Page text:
Tuesday, February 12, 2013

John Dies At The End




I wish I liked John Dies At The End a lot more than I do. Don’t get me wrong, on one level I’m absolutely gung ho. After all, this is an independently financed passion project from a great horror director (Don Coscarelli, believed in the project so much he sunk his own money into the work even before John was picked up by a major publisher) based on the signature novel of one of my favorite authors. To add another twist, the film is currently undertaking one of the most ambitious on demand releases since the start of that experiment. An attempt to build word of mouth, while simultaneously releasing the film in theaters. An attempt that seems to be working. (I myself had intended to hold off until a theatrical release, but the spirit is willing the flesh is yadayadayada, so I ended up making this my first "On Demand" film)

So at the very least you have a fun movie, that is a passion project from an honorable filmmaker, which will expose thousands of new fans to one of my favorite authors, all while proving viable a new form of distribution that will allow more interesting and risky genre cinema to be made.

And I can’t quite help but feel that it misses the point entirely.

Let’s back paddle a second here, if you haven’t read them the John books by “David Wong” (A pseudonym for Jason Pargin) does for horror what Douglas Adams does for Science Fiction. Following John and Dave, two low prospect men who take a drug called Soy Sauce which gives them incredible quantum insight into the universe, but also puts them in the sights of a malignant being beyond space and time. Through some bizarre alchemy he creates books that are simultaneously hilariously funny, genuinely frightening, and which tackle the big philosophical questions in between the dick jokes and exploding heads. The average page of Wong will make you laugh, cringe and then contemplate the implications of The Dunbar Number on humanity’s future. And all the while Wong races towards the apocalypse with gleeful abandon.

John Dies At The End, gets the gleeful abandon part but skips the rest. On one level, it’s actually quite smart as an adaptation. Wong wrote a book with a very particular structure, (it was originally written as three novellas released for free on the internet) and which would require a Michael Bay budget to pull off. Coscarelli skips both headaches, by reordering most scenes and repurposing others, creating what is basically a faithful adaptation in an entirely new framework (a new framework that as you might guess skips some of the more expensive bits). And if you think that’s easy to do I have a long sad story about Cloud Atlas to tell you. Only once, when a popular character from the novels is basically trotted out as “a special guest star” does this technique come off as as awkward.

What John lacks is not narrative faithfulness, nor exploding heads. It keeps the gleeful abandon of John Dies At The End, but it forgets that gleeful abandon is not the thing that made that work special in the first place. What made Wong’s novel stick is as about an accurate portrait of alienation as you’re going to find outside of a Camus novel, coupled with the work’s absolute fearlessness in tackling heady philosophical and existential dilemmas. I didn’t expect all of that to be in the film, but I didn’t expect none if it to be there either.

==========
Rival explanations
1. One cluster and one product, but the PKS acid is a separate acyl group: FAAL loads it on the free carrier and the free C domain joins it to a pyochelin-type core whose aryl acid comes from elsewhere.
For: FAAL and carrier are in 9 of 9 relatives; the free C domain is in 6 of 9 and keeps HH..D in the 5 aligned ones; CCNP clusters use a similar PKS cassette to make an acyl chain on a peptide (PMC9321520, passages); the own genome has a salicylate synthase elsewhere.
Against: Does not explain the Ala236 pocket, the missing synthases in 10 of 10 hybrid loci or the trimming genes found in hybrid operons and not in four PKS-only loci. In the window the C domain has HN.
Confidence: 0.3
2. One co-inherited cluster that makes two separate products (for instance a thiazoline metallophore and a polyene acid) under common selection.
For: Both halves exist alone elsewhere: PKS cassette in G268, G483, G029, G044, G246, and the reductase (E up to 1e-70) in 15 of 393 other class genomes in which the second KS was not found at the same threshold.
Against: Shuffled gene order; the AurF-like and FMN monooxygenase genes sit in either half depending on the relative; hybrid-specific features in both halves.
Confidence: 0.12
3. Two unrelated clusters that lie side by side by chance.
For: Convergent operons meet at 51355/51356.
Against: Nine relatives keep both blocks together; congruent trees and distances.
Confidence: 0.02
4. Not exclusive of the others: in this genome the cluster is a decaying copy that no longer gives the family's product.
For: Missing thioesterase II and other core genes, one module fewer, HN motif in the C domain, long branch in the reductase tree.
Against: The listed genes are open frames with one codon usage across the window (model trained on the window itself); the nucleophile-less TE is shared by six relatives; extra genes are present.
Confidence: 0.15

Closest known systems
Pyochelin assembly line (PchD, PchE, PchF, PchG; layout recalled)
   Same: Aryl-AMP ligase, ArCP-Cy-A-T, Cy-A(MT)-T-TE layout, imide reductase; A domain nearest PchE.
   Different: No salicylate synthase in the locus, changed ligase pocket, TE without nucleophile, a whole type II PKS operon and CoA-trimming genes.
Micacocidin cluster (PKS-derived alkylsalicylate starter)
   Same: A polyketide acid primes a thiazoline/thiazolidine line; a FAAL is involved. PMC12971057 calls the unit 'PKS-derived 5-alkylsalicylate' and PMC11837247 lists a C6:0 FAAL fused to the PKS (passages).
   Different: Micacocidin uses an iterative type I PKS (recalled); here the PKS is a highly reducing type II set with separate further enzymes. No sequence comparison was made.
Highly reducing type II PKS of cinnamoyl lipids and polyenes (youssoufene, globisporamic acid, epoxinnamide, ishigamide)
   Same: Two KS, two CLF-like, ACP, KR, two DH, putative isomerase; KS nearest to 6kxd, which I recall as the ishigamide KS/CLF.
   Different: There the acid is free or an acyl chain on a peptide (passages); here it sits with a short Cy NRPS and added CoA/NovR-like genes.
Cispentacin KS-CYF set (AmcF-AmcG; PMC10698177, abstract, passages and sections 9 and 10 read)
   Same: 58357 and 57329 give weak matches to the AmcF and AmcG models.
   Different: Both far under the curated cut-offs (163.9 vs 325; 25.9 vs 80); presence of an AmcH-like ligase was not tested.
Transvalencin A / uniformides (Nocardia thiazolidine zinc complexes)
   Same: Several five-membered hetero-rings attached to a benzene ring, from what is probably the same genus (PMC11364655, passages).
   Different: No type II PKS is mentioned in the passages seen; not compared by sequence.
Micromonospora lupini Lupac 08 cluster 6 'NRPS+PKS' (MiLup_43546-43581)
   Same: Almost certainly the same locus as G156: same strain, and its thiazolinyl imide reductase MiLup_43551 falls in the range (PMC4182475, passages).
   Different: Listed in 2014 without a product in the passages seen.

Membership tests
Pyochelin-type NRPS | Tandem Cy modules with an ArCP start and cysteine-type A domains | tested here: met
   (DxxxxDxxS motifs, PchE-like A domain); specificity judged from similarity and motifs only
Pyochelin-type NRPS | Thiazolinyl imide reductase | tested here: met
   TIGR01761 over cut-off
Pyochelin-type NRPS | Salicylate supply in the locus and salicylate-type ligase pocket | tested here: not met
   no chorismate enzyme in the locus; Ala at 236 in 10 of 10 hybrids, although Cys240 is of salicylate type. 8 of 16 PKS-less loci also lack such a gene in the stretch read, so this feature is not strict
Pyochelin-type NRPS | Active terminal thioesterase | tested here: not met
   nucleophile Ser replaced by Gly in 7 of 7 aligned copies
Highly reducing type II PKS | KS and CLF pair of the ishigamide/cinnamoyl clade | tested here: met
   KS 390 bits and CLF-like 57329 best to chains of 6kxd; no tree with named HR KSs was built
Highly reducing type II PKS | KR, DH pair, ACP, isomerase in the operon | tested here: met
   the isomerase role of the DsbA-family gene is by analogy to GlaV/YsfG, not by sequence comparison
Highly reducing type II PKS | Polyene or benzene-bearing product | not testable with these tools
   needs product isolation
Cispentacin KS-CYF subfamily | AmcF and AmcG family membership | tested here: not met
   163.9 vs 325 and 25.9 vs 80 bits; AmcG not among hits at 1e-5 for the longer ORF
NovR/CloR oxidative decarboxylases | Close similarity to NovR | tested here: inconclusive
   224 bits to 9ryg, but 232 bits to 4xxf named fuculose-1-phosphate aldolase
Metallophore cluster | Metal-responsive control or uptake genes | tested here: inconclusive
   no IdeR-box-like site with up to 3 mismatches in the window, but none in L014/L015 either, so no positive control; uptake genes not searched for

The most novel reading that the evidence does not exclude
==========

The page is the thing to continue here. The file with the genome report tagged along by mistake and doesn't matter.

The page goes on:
There is little to separate John Dies At The End from any number of films made by dudes who love Evil Dead 2 a whole lot. Now don’t get me wrong there’s nothing wrong with this, I am nothing if not a guy who loves Evil Dead 2 a whole lot, I’m considering having it chiseled on my tombstone. Taken on its own merits John Dies At The End is an innovative, creative slice of genre fun, with some great moments. If that’s what you’re looking for, and you’re feeling adventurous and have seven bucks in your pocket that you don’t know what to do with, I highly suggest you give the film a whirl on demand, or see it when its released in one of these new fangled “Theaters”. Just do yourself a favor, think of it as the trailer for the book.

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If you want to hear more thoughts on The John novels, you can find them in Son Of Danse Macabre. Available from Amazon and Barnes And Noble.

6 comments:

le0pard13 said...

I'm very curious about this film, being a longtime Don Coscarelli fan and all, and will see it. You know I heard, but have not read any, of Wong's books (since I did pore over Son of Danse Macabre ;-)). I probably need to do so. Thanks, Bryce.

J.D. Lafrance said...

Like le0pard13, I have not read the books either but the trailer for JOHN DIES AT THE END certainly has me intrigued and Coscarelli's name, coupled with Paul Giamatti's presence in this film has me edging closer to pulling the trigger for it On Demand.

Bryce Wilson said...

Guys I can say with literal certainty that the books are so far up your respective alleys that its not even funny.

J.D. Lafrance said...

Yeah, I'm really curious to read the book also. I got the movie off of VOD. Plan to check it out tonight.

esteik iletisim said...

Thanks for writing in such an encouraging post. I had a glimpse of it and couldn’t stop reading till I finished. I have already bookmarked you.
Estetik

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